Washington Senate Endorses Socialism for Coal

Transportation bill would benefit a coal terminal and its international financiers.

First Wyoming, now Washington: the state Senate has endorsed an $85 million handout to the coal industry, in the form of a rail project whose sole identifiable beneficiary is the proposed and highly controversial Millennium Bulk Terminals coal export project in Longview, Washington.

The rail crossing project, innocuously labeled in the legislative record as the “SR 432 Longview Grade Crossing,” would build a massive vehicle overpass over a rail line near the banks of the Columbia, just south of Longview, Washington. In the map below, the rail rail line is in blue. The project would lift the entire Oregon Way and Industrial Way intersection, including the rail crossings circled in red, to let trains pass underneath.

Oregon Way rail crossing

The county projects rapid growth in train traffic at these rail crossings through 2035. But nearly three quarters of that projected growth is for the Millennium terminal. The remaining quarter would go to Barlow Point to the west of Millennium—an undeveloped site that, at present, has no known prospects for a tenant.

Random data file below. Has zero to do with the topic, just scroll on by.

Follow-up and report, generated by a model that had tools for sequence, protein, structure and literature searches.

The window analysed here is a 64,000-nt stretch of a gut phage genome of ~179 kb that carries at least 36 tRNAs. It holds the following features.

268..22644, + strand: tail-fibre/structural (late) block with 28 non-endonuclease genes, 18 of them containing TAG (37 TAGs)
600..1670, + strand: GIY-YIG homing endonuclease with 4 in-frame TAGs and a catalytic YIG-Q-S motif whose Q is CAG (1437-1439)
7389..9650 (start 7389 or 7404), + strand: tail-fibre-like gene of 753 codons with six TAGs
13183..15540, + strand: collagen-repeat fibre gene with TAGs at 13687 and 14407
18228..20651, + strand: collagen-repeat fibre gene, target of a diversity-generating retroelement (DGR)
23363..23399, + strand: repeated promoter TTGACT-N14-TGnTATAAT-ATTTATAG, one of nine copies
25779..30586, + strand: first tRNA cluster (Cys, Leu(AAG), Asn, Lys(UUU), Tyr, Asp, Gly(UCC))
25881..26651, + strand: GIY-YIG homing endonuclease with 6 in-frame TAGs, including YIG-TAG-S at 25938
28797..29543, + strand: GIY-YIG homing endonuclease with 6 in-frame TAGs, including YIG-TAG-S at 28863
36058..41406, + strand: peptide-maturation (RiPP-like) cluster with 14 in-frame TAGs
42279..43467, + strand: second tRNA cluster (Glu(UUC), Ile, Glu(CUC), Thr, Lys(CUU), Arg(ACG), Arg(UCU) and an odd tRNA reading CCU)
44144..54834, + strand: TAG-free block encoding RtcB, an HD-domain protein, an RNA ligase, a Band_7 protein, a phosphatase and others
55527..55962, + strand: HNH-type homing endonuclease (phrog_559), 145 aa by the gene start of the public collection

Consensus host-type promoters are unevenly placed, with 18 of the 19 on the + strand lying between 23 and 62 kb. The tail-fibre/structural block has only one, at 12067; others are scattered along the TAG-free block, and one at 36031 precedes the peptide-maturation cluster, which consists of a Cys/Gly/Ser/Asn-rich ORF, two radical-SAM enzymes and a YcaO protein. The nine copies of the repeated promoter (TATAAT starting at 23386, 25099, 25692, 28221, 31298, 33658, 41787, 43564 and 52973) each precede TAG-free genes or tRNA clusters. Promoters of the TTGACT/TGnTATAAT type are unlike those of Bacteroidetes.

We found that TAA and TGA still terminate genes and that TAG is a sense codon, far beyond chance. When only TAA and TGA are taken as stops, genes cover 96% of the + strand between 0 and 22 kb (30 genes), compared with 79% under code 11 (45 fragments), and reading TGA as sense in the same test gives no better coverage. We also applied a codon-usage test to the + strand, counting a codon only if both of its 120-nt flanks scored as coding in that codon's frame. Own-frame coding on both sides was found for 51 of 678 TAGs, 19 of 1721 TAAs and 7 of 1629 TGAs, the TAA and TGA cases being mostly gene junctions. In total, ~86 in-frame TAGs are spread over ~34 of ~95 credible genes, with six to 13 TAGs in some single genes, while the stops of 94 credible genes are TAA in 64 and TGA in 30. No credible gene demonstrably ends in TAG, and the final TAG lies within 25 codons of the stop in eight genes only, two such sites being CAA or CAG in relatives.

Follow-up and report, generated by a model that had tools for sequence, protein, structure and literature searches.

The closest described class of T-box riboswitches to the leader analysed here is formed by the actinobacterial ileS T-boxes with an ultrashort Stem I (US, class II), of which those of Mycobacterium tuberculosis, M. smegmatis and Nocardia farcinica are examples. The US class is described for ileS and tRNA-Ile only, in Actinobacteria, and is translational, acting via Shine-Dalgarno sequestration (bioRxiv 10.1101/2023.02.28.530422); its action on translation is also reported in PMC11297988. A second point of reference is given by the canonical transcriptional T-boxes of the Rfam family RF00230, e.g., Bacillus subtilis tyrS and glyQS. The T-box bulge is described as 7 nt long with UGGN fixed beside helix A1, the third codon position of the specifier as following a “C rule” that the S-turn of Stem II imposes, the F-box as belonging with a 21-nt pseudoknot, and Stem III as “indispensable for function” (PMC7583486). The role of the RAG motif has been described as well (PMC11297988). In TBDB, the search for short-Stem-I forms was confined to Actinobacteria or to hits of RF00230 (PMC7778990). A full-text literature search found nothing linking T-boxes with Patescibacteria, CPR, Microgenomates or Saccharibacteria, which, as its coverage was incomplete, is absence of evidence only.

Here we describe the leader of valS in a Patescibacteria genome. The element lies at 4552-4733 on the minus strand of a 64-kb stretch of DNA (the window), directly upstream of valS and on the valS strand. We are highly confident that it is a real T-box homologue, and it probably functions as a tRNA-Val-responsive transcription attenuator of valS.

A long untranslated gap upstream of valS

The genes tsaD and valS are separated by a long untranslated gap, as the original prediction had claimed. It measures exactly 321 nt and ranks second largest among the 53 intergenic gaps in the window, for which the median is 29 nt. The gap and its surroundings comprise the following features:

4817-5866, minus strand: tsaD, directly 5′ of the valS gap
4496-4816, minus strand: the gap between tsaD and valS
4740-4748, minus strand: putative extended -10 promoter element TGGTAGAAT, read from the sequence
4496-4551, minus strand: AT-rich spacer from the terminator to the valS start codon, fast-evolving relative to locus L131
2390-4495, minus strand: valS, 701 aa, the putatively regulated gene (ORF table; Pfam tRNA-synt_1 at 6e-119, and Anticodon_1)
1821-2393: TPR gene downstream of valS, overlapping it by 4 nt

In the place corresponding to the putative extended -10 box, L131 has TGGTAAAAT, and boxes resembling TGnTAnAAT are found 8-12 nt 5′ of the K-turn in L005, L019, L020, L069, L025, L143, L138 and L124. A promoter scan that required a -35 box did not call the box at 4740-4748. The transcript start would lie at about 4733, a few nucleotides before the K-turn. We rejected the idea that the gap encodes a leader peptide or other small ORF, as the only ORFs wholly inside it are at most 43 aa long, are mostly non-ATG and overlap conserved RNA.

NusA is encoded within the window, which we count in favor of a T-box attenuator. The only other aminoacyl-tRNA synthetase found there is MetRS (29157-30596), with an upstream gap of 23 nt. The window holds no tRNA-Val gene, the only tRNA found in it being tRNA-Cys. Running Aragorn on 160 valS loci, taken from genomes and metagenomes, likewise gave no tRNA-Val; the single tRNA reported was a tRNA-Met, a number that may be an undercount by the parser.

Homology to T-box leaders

That means that the only known project that could boost traffic delays at Oregon Way and Industrial Way is the Millennium Bulk Terminals, a project whose principal proponent is wholly owned by a private equity fund based in the Cayman Islands.

The Washington State Senate wants to spend $85 million for the benefit of high-flying international coal investors.
That’s right, the Washington State Senate wants to spend $85 million in scarce transportation dollars, primarily for the benefit of high-flying international investors.

To make matters worse, this particular rail crossing project is just a down payment on a much larger set of transportation upgrades that the state would have to build to make Millennium viable. All told, the projects could cost more than $200 million. And the Senate is using a time-honored tactic: by finishing the last and least necessary segment first, they build the case for spending even more money to “complete” what they’ve started. (Paging the North Spokane Freeway!)

What makes the Senate’s spending priorities especially foolish is that the Millennium project might never be built. Millennium still faces massive hurdles: it doesn’t have a permit yet; the community opposition is fierce; the legal tools for stopping the project abound; and worst of all, the Pacific coal market is in the middle of a precipitous downturn. China’s sinking demand has brought international prices to multi-year lows, US coal exporters are hemorrhaging money, and a similar coal terminal project in BC is in financial freefall. So even if the project does manage to obtain a permit, it’s not clear that anyone will pony up the hundreds of millions of dollars needed to build it.